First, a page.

A targeted drug delivery system for reducing neutrophil-mediated damage

Period of Performance: 08/01/2016 - 07/31/2017

$223K

Phase 1 SBIR

Recipient Firm

Medvas Concepts Company
Wynnewood, PA 19096
Principal Investigator

Abstract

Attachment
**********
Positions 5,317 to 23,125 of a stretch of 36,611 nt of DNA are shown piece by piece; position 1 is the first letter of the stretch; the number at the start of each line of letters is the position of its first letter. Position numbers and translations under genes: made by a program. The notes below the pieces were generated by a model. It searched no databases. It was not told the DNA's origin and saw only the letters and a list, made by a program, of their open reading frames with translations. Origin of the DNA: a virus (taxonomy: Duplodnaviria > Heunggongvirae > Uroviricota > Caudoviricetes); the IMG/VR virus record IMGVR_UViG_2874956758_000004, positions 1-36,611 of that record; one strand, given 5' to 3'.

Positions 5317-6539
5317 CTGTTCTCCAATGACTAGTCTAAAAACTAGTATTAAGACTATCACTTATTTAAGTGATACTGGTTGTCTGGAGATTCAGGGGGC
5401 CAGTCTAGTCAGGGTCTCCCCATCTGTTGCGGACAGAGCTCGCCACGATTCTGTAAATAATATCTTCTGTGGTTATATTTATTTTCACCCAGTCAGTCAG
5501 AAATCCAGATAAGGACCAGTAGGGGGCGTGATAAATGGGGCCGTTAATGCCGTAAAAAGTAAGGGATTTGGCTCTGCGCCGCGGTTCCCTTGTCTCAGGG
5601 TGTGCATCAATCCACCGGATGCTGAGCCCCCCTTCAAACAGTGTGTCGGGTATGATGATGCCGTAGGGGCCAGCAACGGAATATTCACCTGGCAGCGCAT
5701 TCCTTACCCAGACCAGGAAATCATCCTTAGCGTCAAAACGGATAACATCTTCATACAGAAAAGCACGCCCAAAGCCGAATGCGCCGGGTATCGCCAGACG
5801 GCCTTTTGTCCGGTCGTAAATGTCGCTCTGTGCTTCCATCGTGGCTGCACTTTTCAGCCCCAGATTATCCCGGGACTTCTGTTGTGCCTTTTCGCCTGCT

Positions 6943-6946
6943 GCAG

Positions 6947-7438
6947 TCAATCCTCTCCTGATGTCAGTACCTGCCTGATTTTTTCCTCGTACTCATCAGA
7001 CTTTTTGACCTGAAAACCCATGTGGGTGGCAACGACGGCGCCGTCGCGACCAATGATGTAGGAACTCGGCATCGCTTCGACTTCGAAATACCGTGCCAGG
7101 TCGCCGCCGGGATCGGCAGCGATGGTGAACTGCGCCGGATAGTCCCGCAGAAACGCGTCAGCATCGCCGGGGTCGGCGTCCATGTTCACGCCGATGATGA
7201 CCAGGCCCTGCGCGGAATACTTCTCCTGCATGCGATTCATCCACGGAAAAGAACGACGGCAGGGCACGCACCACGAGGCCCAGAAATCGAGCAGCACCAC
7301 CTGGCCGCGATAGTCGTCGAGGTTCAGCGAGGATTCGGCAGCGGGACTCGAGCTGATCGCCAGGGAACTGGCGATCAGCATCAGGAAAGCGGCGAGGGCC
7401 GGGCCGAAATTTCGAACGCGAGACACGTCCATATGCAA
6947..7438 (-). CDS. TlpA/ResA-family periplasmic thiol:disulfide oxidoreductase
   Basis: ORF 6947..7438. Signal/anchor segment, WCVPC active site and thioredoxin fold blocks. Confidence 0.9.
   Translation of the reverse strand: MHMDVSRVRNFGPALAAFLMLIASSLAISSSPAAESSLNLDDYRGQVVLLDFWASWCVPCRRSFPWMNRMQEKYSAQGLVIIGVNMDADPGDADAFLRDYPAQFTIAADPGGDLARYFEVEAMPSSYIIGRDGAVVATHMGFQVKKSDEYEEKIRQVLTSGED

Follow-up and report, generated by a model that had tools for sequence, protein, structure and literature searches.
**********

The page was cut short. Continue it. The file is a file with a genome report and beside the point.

There is an urgent need to develop effective therapies directed against specific mediators of acute respiratorydistress syndrome (ARDS). Mortality remains high, at 27% to 45%, depending on disease severity, with 74,500annual deaths in the US in 2005. Neutrophils have a critical role in early stages of lung injury and development of respiratory failure. Pulmonarydysfunction is associated with excessive alveolar neutrophil recruitment with subsequent injury to the alveolar-capillary barrier, leading to ARDS. Adhesion molecules involved in the neutrophil adhesion cascade (ICAM-1,VCAM-1 and E-selectin) are involved in sepsis-induced tissue damage. Protein kinase C-delta (PKC?) is a criticalinflammatory regulator of neutrophil recruitment, sequestration, and activation in the lung and is an importantregulator of apoptosis. We have preliminary data in a rodent model of sepsis showing that inhibition of PKC? byan HIV-1 trans-activator of transcription (TAT)-conjugated PKC? inhibitory peptide was lung protective. Therefore,PKC? is an important therapeutic target for control of neutrophil-mediated lung damage in ARDS. Nopharmacological therapeutic interventions for sepsis are currently approved by either the US Food and DrugAdministration or the European Medicines Evaluation Agency. MedVas Concepts, LLC proposes to develop an endothelium-targeted nanocarrier drug delivery system(immunoliposomes loaded with PKC?-TAT inhibitor) using antibodies targeted towards specific adhesionmolecules that are upregulated on the surface of endothelial cells in the pulmonary vasculature during sepsis.Efficacy of the targeted drug delivery system will be investigated in vitro with a novel microfluidics platformseeded with cultured human lung primary microvascular endothelial cells that mimics physiological conditions inthe microcirculation. The microfluidics platform allows quantification of neutrophil attachment and transmigrationin the device with and without immunoliposome treatment. After optimizing the endothelium-targetedimmunoliposome drug delivery system, we will conduct in vivo studies using our established rodent cecal ligationand puncture (CLP) sepsis model. We anticipate that intravenous delivery of drug-loaded immunoliposomes willprovide a longer therapeutic window and expect to see less damage to the lung and longer survival times forimmunoliposome treated animals compared with animals treated by intravenous delivery of free drug.